I didn’t spoiler anything since the posts are moderated. Then again why haven’t you finished it yet.

  • Nick C says:

    I agree with some others on here Joe, as far as games go Far Cry 3 is my game of the console generation. Red Country was my favorite book with Ready Player One (I think it was a ’12 release) nipping at its heels.

    Also, as an aside, still no First Law Trilogy on the American iBooks store continues to frustrate millions and millions (well, at least one) Yanks and cost you millions and millions (well, at least a few) GP.

    Happy New Year and much success in 2013 Joe!

  • Pinky says:

    Hit with a virus over xmas. That sucks. As for the rest. Havent seen the Hobbit. Dont play games but books. I cant wait to read the short stories and I’m currently wading my way through Red Country and I just have to say…. Thanks for Lamb.

    Your next mission is another book as it wont be much longer before I have finished this latest and nothing I have read comes close to your style. Its unique and I recommend it to everyone I know who reads fantasy books. Already I’ve lost several friends with the assurance they will return when they finish the First Law books. Yep, gone from my life because I showed them your website. Can only be a good thing.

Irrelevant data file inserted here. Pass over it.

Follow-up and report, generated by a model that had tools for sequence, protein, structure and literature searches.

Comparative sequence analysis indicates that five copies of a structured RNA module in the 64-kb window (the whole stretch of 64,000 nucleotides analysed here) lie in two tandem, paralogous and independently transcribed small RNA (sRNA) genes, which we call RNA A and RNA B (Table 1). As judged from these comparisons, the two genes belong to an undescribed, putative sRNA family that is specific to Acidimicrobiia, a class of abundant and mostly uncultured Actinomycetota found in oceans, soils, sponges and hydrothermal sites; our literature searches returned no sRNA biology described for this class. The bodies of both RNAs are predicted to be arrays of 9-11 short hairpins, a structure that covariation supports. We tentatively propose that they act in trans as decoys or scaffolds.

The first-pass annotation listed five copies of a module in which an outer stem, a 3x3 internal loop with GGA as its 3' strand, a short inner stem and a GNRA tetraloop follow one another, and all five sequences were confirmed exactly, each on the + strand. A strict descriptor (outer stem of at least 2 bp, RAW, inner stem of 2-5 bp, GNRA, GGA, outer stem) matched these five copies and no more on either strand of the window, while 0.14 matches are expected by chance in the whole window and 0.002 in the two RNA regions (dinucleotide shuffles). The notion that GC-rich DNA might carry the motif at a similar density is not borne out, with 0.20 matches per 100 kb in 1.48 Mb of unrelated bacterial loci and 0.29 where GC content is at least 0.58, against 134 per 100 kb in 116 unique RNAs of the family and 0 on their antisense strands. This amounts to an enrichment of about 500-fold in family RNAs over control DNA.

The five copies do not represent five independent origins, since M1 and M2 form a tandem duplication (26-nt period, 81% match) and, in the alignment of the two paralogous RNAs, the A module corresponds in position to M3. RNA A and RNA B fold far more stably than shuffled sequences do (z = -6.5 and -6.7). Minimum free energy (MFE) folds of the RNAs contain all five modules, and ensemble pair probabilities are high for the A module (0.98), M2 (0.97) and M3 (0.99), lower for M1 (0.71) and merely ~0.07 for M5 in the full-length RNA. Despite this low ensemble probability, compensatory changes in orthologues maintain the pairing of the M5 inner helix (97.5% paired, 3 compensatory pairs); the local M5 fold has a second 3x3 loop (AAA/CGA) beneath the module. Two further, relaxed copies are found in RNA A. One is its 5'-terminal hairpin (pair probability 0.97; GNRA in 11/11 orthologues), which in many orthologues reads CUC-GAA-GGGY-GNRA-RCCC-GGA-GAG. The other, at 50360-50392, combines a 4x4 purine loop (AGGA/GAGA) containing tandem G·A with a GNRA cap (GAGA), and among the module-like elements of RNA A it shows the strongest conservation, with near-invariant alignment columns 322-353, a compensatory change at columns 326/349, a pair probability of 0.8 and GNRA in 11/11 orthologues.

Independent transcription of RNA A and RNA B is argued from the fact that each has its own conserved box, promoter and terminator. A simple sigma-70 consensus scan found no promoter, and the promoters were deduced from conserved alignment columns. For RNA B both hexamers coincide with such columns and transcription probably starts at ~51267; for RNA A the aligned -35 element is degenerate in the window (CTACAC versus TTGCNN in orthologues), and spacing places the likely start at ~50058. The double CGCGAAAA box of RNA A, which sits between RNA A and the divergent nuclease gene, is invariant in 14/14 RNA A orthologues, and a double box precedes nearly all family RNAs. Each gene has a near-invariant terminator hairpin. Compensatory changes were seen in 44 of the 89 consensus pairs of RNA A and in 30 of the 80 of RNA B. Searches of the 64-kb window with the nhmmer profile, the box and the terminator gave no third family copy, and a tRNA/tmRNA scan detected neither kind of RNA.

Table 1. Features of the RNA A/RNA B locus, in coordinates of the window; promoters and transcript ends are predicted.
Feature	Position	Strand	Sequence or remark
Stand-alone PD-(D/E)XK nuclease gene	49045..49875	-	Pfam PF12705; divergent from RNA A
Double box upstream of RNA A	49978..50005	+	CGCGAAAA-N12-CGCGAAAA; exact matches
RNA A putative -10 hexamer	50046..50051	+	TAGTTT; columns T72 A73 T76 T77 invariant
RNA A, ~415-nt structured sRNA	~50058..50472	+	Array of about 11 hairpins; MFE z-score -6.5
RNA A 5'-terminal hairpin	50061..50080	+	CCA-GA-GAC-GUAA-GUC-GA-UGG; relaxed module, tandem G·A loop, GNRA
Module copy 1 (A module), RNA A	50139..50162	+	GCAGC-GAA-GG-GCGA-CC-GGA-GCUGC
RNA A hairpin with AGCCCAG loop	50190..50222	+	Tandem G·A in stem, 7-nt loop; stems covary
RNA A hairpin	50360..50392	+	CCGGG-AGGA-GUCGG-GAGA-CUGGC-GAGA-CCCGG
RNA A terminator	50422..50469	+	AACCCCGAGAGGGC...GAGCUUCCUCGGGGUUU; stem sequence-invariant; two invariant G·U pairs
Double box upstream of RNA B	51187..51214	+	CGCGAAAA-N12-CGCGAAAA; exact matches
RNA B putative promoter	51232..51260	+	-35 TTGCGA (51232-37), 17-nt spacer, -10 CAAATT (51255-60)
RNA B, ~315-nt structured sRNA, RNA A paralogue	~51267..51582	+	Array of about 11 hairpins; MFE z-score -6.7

Thanks for the books Sir,


  • Don Brant says:

    I have just found your books this past year. I am devouring them in rapid order. Brilliant. I am a gulf war vet formerly of the 101st Airborne Division and currently fight in full contact medieval steel fighting (http://www.youtube.com/watch?v=GLaYJKaDA_c). You are spot on. You give depth to the professional soldiers in your book. I would love to see a TV series of your work.

  • Dking says:

    It wasn’t moderated last night so I don’t know how many people you have just ruined it for, Gerard. Hopefully it was just me.

    Maybe some sort of anti spoiler warning could be added to the blog?

    Apologies if I come across rather annoyed but it’s because I am.

    On topic – Sorry to hear about your crappy Christmas, Jo.

  • Jens says:

    That’s what I call a great review of 2012, couldn’t agree more. And since you seem to have a very fine taste concerning books, movies, games and TV-Series(it has to be – because it’s very similar to my taste), I just ordered the Garth Nix novel you mentioned.
    That will be added to the pile of books I still HAVE to read (“Red Country” included – but I already bought it, so calm down).
    The fantasy-genre needs more Vikings!

  • Gary says:

    Sorry to hear about you firing from both cyclinders over Christmas Joe. That sucks.

    I pretty much agree with most of what you’ve said, Borderlands does it for me too and small screen is definitely where it’s happening at the moment in terms of originality and decent character and story development. I don’t know what’s wrong with films at the moment, a lot of them come across as a bit half arsed and treat the viewer like they are devoid of any intelligence.

    Good books I’ve read in 2012? I think Red Country has got to be up there 🙂

  • Gary says: